In recent years, a number of Federal Appellate Courts have issued opinions finding that the single use of a racial slur would be sufficient to constitute a hostile and offensive working environment based on race. On August 21, 2019, the Seventh Circuit Court of Appeals reached the opposite conclusion in concluding that the single alleged use of the "N Word" by a Supervisor was not enough to show racial harassment given the overall work scenario of the Plaintiff.
On April 11, 2019, the Illinois state Senate passed Senate Bill 1829, also known as the Workplace Transparency Act. If passed by the Illinois House of Representatives and if signed by the Governor, this Act would impose new requirements and limitations with respect to harassment and discrimination claims on Illinois employers. As of May 10, 2019, this bill is pending before the House Rules Committee.
Wait, what? If the conduct directed at an employee is sexual in nature or has sexual connotations, doesn't that automatically make it unlawful sexual harassment? Not necessarily.
While the liability of employers in the State of Illinois has been expanded substantially by recent amendments to the Illinois Human Rights Act and the recent decision of the US District Court of Appeals for the Seventh Circuit in the Hively v. Ivy Tech Community College of Indiana (Case No. 15-1720), which was a landmark decision holding that Title VII of the Civil Rights Act of 1964 bars discrimination on the basis of sexual orientation, there have been few, if any, cases in which Illinois employers have had to bear the responsibility for the criminal conduct of their employees. Unfortunately, the United States Court of Appeals for the Seventh Circuit recently issued a decision (March 24, 2017) in the Case of Sherry Anicich v. Home Depot USA, Inc.; Grand Service, LLC and Grand Flower Growers, Inc. (Case No. 16-1693). The Federal Court, acting and applying Illinois law, found that the joint employers were liable for the criminal acts of a supervisor (Brian Cooper - Regional Manager) in his rape and murder of Alisha Bromfield.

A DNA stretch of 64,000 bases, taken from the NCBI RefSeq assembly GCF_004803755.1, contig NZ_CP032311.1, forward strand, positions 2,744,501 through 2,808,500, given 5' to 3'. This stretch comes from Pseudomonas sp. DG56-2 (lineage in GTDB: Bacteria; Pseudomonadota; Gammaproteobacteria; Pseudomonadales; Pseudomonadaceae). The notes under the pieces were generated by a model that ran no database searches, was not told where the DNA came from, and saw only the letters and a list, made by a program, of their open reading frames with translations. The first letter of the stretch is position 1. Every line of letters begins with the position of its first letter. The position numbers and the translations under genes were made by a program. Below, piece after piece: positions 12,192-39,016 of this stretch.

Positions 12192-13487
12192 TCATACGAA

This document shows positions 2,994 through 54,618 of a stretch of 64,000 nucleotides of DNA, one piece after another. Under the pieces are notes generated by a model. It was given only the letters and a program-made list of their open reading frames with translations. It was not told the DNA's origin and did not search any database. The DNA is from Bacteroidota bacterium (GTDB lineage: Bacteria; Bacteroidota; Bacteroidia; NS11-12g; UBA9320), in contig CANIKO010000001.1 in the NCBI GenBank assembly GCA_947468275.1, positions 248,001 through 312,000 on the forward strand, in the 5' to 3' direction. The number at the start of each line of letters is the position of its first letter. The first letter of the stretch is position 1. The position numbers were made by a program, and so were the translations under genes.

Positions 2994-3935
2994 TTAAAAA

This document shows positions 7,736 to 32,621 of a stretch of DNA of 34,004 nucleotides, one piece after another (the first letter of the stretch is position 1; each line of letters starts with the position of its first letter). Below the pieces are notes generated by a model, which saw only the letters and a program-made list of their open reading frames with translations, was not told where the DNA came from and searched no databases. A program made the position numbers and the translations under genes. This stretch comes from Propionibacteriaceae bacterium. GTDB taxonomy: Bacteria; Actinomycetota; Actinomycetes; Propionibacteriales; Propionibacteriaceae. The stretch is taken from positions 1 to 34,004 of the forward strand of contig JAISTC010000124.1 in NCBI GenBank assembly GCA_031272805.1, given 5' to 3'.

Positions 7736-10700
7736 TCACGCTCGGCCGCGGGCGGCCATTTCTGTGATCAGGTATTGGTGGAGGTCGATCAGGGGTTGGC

In the March, 2017 Client Alert, the Author submitted an Article on giving guidance to Employers in the creation of good documentation to substantiate and defend Employment Decisions when those Decisions are called into question. While the presence (or lack thereof) of good documentation can be the success or failure in any Employment Litigation, there are certain situations where an Employer's documentation may create a "tangled web" in which an Employer catches himself/herself.
In a February 9, 2017 Decision (Glenda Cable v. FCA US LLC, case number 16-2283), the United States Court of Appeals for the Seventh Circuit located in Chicago ("the Court") found that Fiat Chrysler Automobiles ("Fiat") was not liable for racial harassment.
To protect the Company from becoming a defendant in a devastating lawsuit, all managers and supervisors must be carefully and periodically trained to recognize workplace harassment, discrimination, and retaliation.